"She is with me and we are almost home." I told him.

"O.k. Bye." Chance said sounding quite relieved.

When we got home, Chance actually met us at the end of the driveway. He wanted to check and make sure that the baby was indeed ok before we went any further.

The implant comes home

We found the implant. It only took about 5 hours, a drive through the neighborhood and several searches after the kids had gone to bed.

It turns out the implant was still in the suit jacket pocket which had been pushed back under the train table in Chance's room.

There is never a dull moment with kids. Especially a kid who has devices held onto his head with a magnet.

It is a good thing that we found the implant because Chance needed it to win the bingo game at school. He came home with a construction paper crown with shamrocks on wire attached to it. Oh, and gold wrapped gum.

I was glad to hear that Chance had won the bingo game. He won first out of his entire class which means that he was hearing in class just fine.

A classroom can be one noisy place and I was glad to see that Chance heard what he needed to win the game.

Sunday, March 15, 2009

No more pockets

As of right now, Chance can not find one of his implants. He put it in the pocket of his suit coat that he wore to church. Now he can not find his suit coat.

I think Chance will be forbidden from having pockets from now on. Life is just too short to have to worry about Chance losing an implant in a pocket. Of course, without the pockets he would probably set the implant down in some abstract location and not remember where it was.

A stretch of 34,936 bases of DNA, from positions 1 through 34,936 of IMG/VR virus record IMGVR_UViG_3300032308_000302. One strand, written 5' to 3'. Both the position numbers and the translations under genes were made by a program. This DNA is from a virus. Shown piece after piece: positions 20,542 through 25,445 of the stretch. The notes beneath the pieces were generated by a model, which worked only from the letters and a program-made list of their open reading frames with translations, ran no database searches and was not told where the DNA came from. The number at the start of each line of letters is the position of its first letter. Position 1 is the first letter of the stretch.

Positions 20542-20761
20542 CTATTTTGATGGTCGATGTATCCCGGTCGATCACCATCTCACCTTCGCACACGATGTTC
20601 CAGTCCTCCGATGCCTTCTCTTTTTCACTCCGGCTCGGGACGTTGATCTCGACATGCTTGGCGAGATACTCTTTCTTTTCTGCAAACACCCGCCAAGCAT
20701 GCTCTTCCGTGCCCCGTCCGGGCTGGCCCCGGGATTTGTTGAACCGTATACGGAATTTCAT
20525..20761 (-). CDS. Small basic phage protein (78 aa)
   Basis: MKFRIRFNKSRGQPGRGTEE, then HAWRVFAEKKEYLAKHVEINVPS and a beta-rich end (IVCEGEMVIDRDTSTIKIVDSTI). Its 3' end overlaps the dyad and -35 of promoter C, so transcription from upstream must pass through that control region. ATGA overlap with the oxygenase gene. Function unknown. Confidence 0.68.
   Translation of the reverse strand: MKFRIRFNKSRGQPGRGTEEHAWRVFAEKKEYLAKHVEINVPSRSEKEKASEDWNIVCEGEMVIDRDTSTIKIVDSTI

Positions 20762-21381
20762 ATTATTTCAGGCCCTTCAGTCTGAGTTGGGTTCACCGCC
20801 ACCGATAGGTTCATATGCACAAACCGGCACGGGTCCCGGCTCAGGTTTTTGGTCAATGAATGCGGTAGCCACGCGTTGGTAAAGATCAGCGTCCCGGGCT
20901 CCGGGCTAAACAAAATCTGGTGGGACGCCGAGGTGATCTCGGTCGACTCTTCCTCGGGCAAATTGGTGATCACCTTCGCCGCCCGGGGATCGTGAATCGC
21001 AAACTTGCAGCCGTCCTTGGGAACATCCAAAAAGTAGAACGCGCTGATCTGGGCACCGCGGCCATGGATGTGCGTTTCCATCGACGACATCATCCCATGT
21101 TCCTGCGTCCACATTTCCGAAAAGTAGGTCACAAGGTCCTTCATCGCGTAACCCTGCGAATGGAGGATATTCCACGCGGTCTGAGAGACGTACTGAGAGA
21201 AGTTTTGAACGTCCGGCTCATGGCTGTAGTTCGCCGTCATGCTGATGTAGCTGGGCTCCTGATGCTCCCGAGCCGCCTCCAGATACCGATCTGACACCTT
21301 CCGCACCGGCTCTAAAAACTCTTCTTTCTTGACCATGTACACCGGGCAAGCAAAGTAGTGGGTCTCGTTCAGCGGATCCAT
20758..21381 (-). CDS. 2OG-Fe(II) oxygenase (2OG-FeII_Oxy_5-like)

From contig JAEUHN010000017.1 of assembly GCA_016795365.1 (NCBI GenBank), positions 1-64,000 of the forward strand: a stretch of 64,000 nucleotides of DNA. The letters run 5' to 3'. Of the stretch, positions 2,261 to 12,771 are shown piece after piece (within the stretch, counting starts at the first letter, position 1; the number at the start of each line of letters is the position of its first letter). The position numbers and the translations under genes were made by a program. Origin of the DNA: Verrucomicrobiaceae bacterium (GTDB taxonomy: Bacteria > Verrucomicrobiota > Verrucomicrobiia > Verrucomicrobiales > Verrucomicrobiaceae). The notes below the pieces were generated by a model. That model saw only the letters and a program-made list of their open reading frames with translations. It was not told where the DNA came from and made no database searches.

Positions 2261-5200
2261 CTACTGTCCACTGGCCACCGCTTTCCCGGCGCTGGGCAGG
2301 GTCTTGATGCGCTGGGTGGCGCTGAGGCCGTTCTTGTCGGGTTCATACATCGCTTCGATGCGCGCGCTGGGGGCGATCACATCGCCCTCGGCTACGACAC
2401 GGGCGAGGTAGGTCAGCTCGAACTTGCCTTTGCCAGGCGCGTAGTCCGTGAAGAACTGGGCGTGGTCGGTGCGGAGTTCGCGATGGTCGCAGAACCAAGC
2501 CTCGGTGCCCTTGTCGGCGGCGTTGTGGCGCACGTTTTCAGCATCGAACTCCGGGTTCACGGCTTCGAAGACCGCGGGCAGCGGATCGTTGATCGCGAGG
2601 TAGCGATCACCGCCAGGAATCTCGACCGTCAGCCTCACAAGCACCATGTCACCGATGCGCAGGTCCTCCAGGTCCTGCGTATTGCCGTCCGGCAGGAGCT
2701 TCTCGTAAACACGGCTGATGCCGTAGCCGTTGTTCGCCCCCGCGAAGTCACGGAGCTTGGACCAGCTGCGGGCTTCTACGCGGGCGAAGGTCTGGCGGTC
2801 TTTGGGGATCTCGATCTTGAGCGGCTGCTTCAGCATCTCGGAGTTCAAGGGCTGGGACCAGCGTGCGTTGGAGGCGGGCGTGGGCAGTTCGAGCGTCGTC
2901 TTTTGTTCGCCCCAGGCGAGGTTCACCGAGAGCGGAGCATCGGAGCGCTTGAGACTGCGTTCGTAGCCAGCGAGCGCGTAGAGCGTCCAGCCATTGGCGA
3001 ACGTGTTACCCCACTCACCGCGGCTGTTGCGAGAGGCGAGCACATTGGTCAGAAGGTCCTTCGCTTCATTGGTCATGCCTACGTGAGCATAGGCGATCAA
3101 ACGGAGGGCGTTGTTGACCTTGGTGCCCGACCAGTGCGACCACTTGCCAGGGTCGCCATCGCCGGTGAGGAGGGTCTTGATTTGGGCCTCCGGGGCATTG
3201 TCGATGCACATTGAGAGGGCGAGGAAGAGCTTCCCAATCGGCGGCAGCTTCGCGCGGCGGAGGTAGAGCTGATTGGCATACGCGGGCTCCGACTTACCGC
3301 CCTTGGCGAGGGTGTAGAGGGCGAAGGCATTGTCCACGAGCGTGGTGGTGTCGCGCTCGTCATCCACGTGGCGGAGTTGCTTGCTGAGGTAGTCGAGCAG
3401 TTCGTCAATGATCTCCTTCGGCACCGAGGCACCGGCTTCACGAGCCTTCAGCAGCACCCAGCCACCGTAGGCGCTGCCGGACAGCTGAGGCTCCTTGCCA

I guess the batteries ran out on the implant so Chance, who was walking home from church with a friend, decided to take the implant off.

It has now been several hours since any of us have seen Chance's suit coat. His dad saw Chance wearing it when he passed him in the van coming home from church.

Chance swears he never took the suit coat off until he got home from church. We have been searching all over the house but have so far come up empty.

Chance's dad is about to go out in the dark and search the route that Chance walked to see if he can spot the suit coat anywhere.

Luckily, I have been reading a book about positive thinking lately, so I am concentrating on repeating,' We will find the implant. We will find the implant."

Somewhere out there, is an implant with our name on it and I think it wants to come home. We certainly want it to come home. I think the other implant is getting lonely.

Wednesday, March 11, 2009

Chance picks a mate

Chance has proposed to our back door neighbor. It happened while I was doing my hair in the bathroom and the window was open. Chance saw his true love outside in her yard, and when teased about loving her by his brother, he simply yelled through the window that he wanted to marry her.

I think she may have yelled back "ok."

Well, now we have that part of Chance's life planned out.

Chance actually proposed a while ago, but apparently, the flame still burns strong. Chance's brother teased Chance about loving this same girl again and Chance did not refute it.

I have to say though, that I think Chance may have had some other crushes on girls at school.
Chance's brother would (and still does sometimes), kind of gag if you teased him about girls.